Naomi Pearlman, an English teacher working on the island of Koh Samui in Thailand, started to feel homesick during the period of Thanksgiving. As a result, she brought all of her international friends from South Africa, the Philippines and England to create a “friendsgiving” potluck. On the night of Thanksgiving, she created a new tradition among an international community instead of eating alone.

Though these international and American friends can provide a sense of comfort in an unfamiliar place, Gulcicek knows that for him, having a rewarding experience abroad is contingent upon interacting with the local people and setting. “The more you get to know the culture, the deeper and more meaningful and rich the experience becomes,” he said.

Fortuna agrees that a year abroad provides young people with a huge potential for cultural and personal discovery. “she said. According to Fortuna, a new language in a new environment with no one you know can be “a perfect recipe for personal growth.”

For Pearlman, personal growth has come simply from taking a break from a more traditional and straightforward path after college. Though at first, her move to Thailand felt like a leap of faith, she has also learned about flexibility. “It’s taught me a lot about letting go, especially for the future,” said Pearlman.

For me, the biggest lesson I learned was one of self-advocacy. It was this initiative, along with support from my local French community, that allowed me to navigate the unfortunate situation with my landlord. I stood up to her, demanded payment, and eventually, took the information I had to her housing agency so that she would not be able to take advantage of other foreigners like me in the future. Despite these challenges, and also because of them, my year abroad, as Fortuna indicated, has indeed become a great tool of self-discovery, one that I am quite grateful to have had.

Suggestions for a Successful Trip Abroad:

Feeling lost during your time working abroad? Here are some tips from a travel industry expert and fellow young travelers to help you make the most out of your time in a new place.

How to Find Housing:

  • Do research in advance. Charo says picking an apartment online ahead of time may bring you a lot of peace of mind.
  • If you can’t choose lodging in advance, book a temporary stay. “At the very least, you can more easily research a more permanent housing situation while living in a hostel or Airbnb,” said Fortuna.
  • Don’t be afraid to make a temporary stay a permanent one. Fortuna explained that inquiring about weekly or monthly rates in hostels and Airbnbs for any stay longer than two weeks is always a good idea, even if it’s not as “glamorous” an apartment as you might have envisioned.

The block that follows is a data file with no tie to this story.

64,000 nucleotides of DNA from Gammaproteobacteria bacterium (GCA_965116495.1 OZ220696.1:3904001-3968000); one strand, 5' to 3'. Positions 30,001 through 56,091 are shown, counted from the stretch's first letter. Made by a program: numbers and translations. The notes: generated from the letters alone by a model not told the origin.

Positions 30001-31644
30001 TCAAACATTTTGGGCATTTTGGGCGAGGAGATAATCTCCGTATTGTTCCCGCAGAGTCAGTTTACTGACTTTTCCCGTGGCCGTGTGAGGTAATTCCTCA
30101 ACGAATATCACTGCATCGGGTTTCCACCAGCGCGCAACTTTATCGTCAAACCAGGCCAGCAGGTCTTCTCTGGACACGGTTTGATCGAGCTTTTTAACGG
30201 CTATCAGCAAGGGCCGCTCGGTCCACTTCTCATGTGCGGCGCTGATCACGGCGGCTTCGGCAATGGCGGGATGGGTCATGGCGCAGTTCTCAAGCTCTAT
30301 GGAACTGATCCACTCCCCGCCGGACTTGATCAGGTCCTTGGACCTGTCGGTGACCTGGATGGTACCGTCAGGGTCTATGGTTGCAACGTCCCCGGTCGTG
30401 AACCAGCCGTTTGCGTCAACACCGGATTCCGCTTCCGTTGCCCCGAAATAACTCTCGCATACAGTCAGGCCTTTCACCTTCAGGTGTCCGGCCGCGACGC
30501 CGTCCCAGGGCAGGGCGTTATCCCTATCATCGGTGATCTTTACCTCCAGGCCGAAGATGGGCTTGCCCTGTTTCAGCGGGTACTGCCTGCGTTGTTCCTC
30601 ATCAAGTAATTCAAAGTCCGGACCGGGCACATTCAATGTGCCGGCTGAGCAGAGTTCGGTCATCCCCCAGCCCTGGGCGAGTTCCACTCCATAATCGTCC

• If long-term Airbnb and hostel rentals aren’t available, in most smaller and larger communities, expatriate community and housing Facebook pages often have postings for flatshares and studios.

How to Find Your Community:

  • Live with roommates, Charo says, especially those who are your age. This can be one of the easiest ways to build people into your life.
  • Make the first move. Though Pearlman didn’t know anyone on her island when she first arrived, some of her earliest successful relationships with locals started off by striking up a conversation with strangers such as restaurant owners. “They are people that I still go back to,” she said.
  • Use dating applications. Gulcicek says that he has been able to connect with local friends through the use of dating apps such as Tinder. If the idea of using a dating application is intimidating, consider Bumble BFF, an application where you can search specifically for platonic connections in your area.
  • Look for local language exchanges in your community, volunteering and extra-curricular activities. You may not only find a community of people you like, but hobbies you enjoy too.

How to Make the Most of Your Year:

  • Save more money than you think you need, as it may take a while to set up a bank account. Having extra cash will also allow you to fully take advantage of cultural activities once you’ve arrived.
  • Polish your language skills once you’re there. Gulcicek says that he and his friends have also met some international friends through a local language school they attend. 
  • Try and set some goals for yourself for the year, Charo also suggests. These goals can encompass anything, from work, to visiting new places, to trying a new activity.
  • Don’t be afraid to advocate for yourself in uncomfortable situations. Reach out to leaders of your program and co-workers to get advice. Keep persisting until you find a solution.